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Economy

* Japan calls for expansion of economic cooperation with Iran  News Report

* Iran's president visits India for gas pipeline talks  News Report

* Tehran delivers gas ultimatum  News Report

* Iran denies rumors finance minister to quit  News Report

* Sanctions moves likely after Iran talks deadlock  News Report

* World powers move towards new Iran sanctions  News Report

* Iran faces new sanctions threat  News Report

* World powers push ahead with Iran sanctions  News Report

* Tehran pushes for end to delays on gas deal  News Report

* Iran defiant at new US sanctions  News Report

* U.S. imposes new sanctions on Iran's military  News Report

* U.S. to impose new sanctions on Iran  News Report

* Iran's 6-month non-oil exports fetched dlrs 7bn  News Report

* Iran Consulate encourages investment in Iran  News Report

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* Iranian Trade Delegation Due in Moscow Tomorrow  News Report

* Iranian Economy Minister, CB Governor Leave for US  News Report

* Putin Renews Pledge to Support Iran  News Report

* How friendly is Russia to Iran?  News Report

* EU seeks to step up pressure on Tehran  News Report

* Respect Iran sanctions, US warns  News Report

* Iran’s Petropars to offer Venezuela drilling services  News Report


Iran's president visits India for gas pipeline talks
[ News Report]  [2008-04-30 06:06:33]
[Source: Washington Post - 30/04/08]


By MATTHEW ROSENBERG
The Associated Press
Wednesday, April 30, 2008; 1:35 AM

NEW DELHI -- A $7 billion gas pipeline that would link Iran and India topped the agenda Tuesday as the Islamic republic's president made his first visit to New Delhi, despite strong U.S. objections to the project.

The trip came as India and the United States are struggling to finalize a landmark nuclear energy deal.

But New Delhi has made it clear that it will look to any source to feed its energy hungry economy, and India saw the brief visit by Iranian President Mahmoud Ahmadinejad as a chance kick-start the long-stalled pipeline project.

Ahmadinejad arrived in the evening and met Indian Prime Minister Manmohan Singh and President Pratibha Patil during his five hours in New Delhi, India's foreign ministry said. His visit was the first by an Iranian leader in five years.

The pipeline needs to run through Pakistan, India's longtime rival. But disagreements between the two over costs, and Indian fears about the pipeline's security have held up the project.

However, the South Asian countries are reportedly close to striking a deal on how much New Delhi should pay Islamabad for the fuel shipped through Pakistani territory.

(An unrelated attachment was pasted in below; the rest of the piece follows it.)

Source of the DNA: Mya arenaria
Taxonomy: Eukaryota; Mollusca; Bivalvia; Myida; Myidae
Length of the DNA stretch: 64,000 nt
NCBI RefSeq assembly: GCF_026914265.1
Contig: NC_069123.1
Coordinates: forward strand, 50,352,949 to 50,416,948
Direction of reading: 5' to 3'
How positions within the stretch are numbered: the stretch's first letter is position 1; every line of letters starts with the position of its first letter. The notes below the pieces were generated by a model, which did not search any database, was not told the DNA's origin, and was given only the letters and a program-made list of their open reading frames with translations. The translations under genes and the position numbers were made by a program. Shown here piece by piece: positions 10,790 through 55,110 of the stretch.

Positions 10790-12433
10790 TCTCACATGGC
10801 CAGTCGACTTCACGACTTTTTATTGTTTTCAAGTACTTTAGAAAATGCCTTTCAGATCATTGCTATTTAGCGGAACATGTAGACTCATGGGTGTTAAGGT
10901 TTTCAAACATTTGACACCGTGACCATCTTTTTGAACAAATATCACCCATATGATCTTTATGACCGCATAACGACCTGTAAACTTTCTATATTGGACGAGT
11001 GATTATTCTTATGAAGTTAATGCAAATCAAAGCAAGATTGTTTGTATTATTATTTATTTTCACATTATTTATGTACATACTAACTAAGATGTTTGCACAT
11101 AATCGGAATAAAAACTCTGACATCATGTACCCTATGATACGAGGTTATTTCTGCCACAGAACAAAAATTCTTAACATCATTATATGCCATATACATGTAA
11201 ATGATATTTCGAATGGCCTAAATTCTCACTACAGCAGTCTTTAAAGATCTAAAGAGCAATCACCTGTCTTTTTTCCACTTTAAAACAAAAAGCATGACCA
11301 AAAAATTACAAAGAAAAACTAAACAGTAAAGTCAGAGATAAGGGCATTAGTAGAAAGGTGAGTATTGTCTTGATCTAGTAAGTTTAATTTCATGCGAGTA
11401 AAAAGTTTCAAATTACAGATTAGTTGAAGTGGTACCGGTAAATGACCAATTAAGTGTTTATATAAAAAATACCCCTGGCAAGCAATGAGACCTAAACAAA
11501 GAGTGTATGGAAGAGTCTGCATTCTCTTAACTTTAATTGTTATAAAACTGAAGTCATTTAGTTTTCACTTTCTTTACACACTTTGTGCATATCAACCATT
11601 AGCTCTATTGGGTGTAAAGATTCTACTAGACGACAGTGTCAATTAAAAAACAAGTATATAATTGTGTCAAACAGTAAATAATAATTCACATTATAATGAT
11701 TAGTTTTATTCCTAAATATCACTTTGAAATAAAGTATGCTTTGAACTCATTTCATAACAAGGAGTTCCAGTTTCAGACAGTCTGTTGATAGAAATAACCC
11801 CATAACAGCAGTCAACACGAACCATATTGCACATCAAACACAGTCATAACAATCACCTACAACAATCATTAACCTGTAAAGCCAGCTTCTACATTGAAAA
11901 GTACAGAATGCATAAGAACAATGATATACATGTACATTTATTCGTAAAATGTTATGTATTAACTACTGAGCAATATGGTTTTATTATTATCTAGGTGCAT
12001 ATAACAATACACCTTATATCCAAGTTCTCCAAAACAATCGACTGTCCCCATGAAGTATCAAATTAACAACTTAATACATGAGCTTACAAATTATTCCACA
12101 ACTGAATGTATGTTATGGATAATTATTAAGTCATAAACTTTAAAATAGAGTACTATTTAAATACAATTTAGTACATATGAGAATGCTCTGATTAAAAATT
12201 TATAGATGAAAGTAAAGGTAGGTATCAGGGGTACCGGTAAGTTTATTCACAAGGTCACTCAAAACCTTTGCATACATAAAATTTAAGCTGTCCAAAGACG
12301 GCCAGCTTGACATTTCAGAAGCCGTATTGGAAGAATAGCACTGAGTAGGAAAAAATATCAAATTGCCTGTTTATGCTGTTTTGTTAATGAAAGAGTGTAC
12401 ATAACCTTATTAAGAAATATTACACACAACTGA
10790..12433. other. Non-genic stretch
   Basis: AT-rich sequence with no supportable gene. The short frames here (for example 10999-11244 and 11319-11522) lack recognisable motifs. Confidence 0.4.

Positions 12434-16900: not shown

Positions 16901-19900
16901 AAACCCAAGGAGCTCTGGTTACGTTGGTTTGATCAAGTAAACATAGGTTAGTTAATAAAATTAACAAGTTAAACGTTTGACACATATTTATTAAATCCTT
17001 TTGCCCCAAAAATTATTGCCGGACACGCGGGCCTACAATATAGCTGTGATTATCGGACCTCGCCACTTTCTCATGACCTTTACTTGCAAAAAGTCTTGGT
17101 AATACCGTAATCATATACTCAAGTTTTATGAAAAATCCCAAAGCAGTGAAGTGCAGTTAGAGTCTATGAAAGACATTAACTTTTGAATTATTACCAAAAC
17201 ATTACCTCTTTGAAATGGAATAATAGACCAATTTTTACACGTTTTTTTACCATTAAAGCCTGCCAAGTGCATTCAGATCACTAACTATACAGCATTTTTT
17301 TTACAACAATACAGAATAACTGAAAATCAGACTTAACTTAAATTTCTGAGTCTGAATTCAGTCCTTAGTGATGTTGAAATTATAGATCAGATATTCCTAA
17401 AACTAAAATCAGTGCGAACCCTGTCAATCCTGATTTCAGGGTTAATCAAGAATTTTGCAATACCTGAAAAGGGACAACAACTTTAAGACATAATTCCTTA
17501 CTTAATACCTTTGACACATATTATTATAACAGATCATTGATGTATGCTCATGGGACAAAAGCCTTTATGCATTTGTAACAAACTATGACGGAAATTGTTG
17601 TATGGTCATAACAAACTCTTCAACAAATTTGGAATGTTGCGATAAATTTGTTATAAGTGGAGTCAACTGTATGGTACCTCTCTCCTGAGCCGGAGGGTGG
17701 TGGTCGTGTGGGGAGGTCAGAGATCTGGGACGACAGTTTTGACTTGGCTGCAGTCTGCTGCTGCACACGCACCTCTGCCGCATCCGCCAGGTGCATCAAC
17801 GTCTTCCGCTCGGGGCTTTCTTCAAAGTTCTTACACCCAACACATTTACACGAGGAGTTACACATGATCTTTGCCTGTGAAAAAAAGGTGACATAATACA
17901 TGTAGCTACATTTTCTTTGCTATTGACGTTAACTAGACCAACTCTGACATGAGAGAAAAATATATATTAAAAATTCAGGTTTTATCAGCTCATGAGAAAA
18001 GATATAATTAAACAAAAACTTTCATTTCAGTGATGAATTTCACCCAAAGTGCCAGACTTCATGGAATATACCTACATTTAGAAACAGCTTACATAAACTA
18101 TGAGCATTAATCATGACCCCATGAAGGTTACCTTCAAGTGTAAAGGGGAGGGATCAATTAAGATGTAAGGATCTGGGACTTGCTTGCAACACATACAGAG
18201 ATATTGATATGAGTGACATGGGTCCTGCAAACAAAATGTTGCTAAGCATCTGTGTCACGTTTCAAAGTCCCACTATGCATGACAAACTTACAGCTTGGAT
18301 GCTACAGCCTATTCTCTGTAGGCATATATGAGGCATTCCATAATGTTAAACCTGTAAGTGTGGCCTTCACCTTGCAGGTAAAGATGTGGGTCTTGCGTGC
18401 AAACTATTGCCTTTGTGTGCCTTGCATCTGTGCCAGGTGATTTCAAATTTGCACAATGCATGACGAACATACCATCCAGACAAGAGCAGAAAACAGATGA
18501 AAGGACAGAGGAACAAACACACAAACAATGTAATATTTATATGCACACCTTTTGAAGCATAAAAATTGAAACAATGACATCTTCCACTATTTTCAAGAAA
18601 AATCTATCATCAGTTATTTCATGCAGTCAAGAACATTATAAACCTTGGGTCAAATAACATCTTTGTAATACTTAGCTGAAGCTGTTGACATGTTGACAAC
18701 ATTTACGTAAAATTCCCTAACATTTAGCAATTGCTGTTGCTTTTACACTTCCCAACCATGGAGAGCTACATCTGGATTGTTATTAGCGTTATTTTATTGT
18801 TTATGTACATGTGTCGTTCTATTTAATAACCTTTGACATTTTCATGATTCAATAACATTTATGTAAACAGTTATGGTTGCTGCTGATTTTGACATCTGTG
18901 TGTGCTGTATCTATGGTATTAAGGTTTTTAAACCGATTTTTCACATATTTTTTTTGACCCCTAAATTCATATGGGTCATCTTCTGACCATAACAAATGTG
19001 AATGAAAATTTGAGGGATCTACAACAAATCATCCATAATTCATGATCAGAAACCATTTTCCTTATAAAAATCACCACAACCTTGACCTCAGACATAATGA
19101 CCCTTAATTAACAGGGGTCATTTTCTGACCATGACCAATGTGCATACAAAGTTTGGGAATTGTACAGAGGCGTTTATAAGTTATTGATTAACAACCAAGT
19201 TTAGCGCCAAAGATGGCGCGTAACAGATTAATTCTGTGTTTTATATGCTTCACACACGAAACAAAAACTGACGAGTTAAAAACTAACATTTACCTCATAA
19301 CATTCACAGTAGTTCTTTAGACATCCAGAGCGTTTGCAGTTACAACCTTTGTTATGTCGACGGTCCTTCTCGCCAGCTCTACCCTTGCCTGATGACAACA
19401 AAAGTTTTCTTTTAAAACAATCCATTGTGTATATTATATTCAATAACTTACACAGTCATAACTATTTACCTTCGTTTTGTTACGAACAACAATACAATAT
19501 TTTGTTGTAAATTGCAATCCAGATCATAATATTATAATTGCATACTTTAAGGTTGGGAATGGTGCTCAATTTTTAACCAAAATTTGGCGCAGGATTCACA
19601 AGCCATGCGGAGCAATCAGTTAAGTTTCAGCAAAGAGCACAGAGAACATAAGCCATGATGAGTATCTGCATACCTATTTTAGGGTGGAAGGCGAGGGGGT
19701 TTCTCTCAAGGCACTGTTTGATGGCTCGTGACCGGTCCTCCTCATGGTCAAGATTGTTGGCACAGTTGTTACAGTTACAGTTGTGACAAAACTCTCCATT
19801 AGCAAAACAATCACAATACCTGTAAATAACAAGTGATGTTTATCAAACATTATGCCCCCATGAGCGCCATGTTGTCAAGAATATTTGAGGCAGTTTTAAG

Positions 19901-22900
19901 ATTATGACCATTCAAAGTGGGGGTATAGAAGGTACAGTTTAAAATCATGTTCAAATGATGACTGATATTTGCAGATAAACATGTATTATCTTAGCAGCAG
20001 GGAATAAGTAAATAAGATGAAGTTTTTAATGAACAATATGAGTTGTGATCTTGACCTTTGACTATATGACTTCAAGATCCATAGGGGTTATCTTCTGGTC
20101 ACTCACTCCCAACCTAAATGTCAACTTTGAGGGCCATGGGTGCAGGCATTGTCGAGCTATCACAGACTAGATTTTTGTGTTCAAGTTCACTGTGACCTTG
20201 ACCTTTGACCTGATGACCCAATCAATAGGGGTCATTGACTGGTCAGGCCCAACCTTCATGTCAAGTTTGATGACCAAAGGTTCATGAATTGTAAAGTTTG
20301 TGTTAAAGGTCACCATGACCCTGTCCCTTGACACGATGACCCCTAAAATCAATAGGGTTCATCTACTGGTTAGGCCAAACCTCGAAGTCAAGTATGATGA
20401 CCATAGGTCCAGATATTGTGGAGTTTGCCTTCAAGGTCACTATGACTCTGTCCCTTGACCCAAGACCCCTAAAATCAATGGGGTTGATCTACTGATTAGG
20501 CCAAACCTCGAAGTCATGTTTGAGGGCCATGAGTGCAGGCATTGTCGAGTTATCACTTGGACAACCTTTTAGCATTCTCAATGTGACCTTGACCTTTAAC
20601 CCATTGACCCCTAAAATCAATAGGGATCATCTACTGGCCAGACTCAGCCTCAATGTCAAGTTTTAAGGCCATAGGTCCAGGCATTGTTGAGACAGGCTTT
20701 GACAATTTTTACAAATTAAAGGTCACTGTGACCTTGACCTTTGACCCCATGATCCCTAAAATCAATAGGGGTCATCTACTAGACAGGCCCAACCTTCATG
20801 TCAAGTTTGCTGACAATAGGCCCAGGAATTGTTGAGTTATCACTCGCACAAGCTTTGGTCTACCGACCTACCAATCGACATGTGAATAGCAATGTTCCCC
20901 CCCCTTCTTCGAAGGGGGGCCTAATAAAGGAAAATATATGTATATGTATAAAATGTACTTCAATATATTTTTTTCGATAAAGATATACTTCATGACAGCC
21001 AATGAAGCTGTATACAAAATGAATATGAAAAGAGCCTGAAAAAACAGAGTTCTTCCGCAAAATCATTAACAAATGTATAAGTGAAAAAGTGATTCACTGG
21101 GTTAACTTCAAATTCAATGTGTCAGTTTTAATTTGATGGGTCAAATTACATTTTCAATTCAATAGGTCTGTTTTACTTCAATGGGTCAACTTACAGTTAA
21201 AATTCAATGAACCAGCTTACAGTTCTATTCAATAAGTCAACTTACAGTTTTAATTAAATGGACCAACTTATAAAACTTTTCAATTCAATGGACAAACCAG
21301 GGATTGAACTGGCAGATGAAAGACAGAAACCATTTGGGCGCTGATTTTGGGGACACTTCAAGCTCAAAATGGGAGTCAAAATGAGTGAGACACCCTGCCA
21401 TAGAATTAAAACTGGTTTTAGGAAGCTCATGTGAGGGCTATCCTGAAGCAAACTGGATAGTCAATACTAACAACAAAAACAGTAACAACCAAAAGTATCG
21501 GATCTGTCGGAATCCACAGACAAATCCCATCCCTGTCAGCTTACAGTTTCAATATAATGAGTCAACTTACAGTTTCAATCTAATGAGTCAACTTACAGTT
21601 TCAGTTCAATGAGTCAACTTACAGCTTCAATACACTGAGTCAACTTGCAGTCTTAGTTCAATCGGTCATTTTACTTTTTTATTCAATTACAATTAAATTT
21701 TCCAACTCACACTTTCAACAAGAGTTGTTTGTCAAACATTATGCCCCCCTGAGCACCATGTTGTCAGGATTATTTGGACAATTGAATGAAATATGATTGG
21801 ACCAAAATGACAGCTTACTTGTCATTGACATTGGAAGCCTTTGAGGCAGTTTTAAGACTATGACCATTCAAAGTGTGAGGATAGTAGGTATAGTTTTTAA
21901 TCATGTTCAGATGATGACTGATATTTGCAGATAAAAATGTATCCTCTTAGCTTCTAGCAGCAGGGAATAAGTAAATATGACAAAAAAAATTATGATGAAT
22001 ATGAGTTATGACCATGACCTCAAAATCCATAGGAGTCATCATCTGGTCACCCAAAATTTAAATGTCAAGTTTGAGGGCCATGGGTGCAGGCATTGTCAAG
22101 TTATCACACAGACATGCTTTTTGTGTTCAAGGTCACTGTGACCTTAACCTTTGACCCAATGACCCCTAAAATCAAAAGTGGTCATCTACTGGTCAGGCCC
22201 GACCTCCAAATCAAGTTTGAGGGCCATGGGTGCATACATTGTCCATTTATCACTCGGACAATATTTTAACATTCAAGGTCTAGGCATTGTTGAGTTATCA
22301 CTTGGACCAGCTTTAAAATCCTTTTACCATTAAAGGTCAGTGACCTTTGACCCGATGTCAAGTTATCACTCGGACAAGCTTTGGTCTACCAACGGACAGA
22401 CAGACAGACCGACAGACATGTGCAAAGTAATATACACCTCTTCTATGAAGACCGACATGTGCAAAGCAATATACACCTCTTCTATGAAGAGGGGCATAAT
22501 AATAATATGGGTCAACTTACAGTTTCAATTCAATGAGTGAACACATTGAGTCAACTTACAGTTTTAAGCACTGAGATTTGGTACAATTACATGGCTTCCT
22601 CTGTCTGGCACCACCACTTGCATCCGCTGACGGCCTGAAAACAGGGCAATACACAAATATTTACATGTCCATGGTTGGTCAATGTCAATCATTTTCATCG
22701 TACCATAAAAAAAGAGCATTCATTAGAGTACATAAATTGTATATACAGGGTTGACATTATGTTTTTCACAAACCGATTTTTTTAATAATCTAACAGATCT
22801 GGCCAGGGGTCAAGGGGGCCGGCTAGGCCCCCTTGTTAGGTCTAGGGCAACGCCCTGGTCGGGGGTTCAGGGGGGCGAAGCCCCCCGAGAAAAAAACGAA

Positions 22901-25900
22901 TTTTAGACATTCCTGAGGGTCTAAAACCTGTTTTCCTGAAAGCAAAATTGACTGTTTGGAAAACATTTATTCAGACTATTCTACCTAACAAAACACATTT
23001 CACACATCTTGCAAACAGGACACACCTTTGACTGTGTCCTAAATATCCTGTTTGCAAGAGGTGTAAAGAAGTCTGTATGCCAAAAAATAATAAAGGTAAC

That would put the project back on track _ a prospect that clearly dismays Washington, which has repeatedly pressed India to back its efforts to end Iran's nuclear program.

The United States last week said India should press Ahmadinejad to end Iran's atomic program and its alleged aid to Iraqi militants. Washington also said India should tell Ahmadinejad to stop supporting Islamic militant groups in the Middle East, such as Hezbollah and Hamas.

India responded by saying it would decide what _ if anything _ to discuss with Ahmadinejad, tartly telling Washington that it did not need "any guidance on the future conduct" of its foreign affairs.

On Tuesday, Indian Foreign Secretary Shiv Shankar Menon told reporters that India believes engaging with Iran is far more productive than isolating the Islamic republic.

"From our point of view, the more engagement there is, the more Iran becomes a factor of stability in the region," he said after meeting Ahmadinejad.

Apart from the pipeline, the two sides agreed to try to triple trade from $10 billion a year but did not set a timeframe. They also discussed the situation in Iraq and elsewhere in the Middle East.

India's desire to build on its long-standing ties to Iran highlight New Delhi's eagerness to avoid taking sides in international disputes and work with as many countries as possible _ even if its partners disdain each other.

Its willingness to seek energy supplies from both Tehran and Washington is one example of New Delhi's desire to play the middle. Another is its developing relationship with Iran's archenemy Israel. Earlier this year India launched an Israeli spy satellite, which is in part intended to monitor Iran's nuclear program.

Menon said Ahmadinejad did not bring up the satellite during his time in New Delhi.





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